Sunday, July 04, 2010

BOOKS: The Hunt for Atlantis by Andy McDermott

Sometimes you really do benefit from mistakes. I THOUGHT I was picking up Gabriel Hunt's Hunt at the Well of Eternity, a tome that had been well-reviewed as a fun and a quick read. The heft of The Hunt for Atlantis by Andy McDermott SHOULD have been a clue, but I've been operating a little out of sorts for awhile. As a result, I got a very, very pleasant surprise.

The Hunt for Atlantis is like new, fresh Clive Cussler. Cussler, who's work outside of the Oregon Files series, has been stagnating for more than a few years, even at his repetitive worst, is still worth my time. Come to think of it, the Isaac Bell books are still going good too. So, when an author comes along that reminds me of Cussler when he was still new and not appearing in his own books, I think that's something worth noting.

Nine Wilde comes from a family of archaeologists. Her parents were on the trail of hunting down Atlantis when they perished in the remote mountains of Tibet (which, as it turns out, makes a lot of sense later in the book). They didn't perish so much as get murdered by a brotherhood of whackos intent on keeping Atlantis buried wherever it might be for eternity. Nina carries on the family obsession and through more than little serendipity (required for thrillers, afterall), susses out where the fabled lost island might actually be. Which puts her square into the sights of the brotherhood. And like her parents, she's marked for elimination. Thanks to Eddie Chase, she survives first contact, not without a lot of derring-do. And it's off on a grand adventure.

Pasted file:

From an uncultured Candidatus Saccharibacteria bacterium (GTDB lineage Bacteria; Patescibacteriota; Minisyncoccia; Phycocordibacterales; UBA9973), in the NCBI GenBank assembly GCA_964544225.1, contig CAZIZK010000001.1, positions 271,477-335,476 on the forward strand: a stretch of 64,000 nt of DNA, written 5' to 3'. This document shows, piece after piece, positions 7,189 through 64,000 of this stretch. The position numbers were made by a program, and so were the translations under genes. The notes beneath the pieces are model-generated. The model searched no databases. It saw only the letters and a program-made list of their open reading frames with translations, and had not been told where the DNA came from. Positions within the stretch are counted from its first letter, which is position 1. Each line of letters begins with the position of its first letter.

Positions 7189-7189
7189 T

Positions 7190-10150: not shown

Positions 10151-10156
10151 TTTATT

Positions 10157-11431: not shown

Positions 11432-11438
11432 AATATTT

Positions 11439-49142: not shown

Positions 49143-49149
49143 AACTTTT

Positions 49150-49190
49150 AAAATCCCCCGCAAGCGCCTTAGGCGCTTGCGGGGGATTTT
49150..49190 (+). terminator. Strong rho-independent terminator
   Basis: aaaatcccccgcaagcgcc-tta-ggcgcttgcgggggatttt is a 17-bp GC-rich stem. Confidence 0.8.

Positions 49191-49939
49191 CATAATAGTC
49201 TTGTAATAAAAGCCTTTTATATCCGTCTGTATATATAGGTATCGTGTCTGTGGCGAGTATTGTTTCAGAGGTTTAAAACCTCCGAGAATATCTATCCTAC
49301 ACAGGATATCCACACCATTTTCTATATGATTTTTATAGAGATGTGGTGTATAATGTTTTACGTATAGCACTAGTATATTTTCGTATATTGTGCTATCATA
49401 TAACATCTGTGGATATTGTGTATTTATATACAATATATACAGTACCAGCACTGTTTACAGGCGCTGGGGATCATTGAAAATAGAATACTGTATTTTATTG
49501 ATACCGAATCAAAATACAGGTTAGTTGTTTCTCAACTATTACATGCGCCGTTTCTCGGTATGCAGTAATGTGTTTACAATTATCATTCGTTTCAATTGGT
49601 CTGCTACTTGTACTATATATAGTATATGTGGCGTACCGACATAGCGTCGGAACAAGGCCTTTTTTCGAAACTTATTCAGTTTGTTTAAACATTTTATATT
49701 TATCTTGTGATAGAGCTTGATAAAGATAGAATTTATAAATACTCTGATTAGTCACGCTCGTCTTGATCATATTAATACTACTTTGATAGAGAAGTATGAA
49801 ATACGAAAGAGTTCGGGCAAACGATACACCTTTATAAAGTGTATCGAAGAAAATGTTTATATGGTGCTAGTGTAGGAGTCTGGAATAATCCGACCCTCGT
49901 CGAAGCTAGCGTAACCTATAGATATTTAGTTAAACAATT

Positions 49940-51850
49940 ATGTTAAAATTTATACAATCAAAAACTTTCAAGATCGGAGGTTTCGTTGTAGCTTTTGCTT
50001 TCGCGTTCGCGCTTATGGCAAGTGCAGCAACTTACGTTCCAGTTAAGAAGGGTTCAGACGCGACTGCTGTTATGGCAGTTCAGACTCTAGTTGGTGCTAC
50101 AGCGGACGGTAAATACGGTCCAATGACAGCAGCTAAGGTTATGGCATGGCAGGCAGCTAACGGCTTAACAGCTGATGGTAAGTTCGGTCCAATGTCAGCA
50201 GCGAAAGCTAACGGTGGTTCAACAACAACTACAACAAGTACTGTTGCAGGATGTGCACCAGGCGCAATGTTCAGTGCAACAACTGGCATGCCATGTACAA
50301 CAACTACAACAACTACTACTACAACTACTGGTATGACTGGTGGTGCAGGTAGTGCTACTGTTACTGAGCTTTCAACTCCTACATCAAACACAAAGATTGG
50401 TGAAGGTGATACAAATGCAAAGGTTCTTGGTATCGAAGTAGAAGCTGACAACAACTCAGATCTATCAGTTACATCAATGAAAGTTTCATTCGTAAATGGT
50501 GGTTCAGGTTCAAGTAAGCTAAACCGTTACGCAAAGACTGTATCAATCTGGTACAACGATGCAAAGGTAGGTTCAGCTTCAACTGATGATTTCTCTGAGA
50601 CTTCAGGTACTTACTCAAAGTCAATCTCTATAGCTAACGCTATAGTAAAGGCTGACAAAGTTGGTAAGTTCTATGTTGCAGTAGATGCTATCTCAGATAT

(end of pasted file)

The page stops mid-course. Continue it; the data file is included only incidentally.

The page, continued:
More or less on the opposite side of the brotherhood are Kristian and Kari Frost, a father-daughter team of philanthropists from Norway, who are similarly obsessed with the search for Atlantis. Thus, we get a race from the two sides. One wants to find the legend-turned-truth and the other wants the legend to stay legendary OR be destroyed and buried. The settings include the deepest darkest equatorial regions of the Amazon and, once again, the peaks of Tibet, where the impromptu tomb of Nina's parents provides to be much, much more. The book ends in Norway for a slam-bang final that will send shivers down the spines of survivors of 9/11 in New York.

Like with Cussler, you get to a point with many, many pages left where you think the book could end, only to find yourself in the middle of a denouement. The last section, which turns the first part of the book on its ears, is, I admit, the weakest part of the book. But if you go with the flow (You've already accepted so much already) it makes for a good capping to a rollicking, MAJOR MOTION PICTURE type finale. Now, we have to be careful what we wish for. No Cussler project has ever, ever turned into a good pic. But I could SEE the action through to end of this book.

It's the start of a series. McDermott's already pumped out three or more more books where Nina and Eddie get after the legends of yore. I know I will be reading them.

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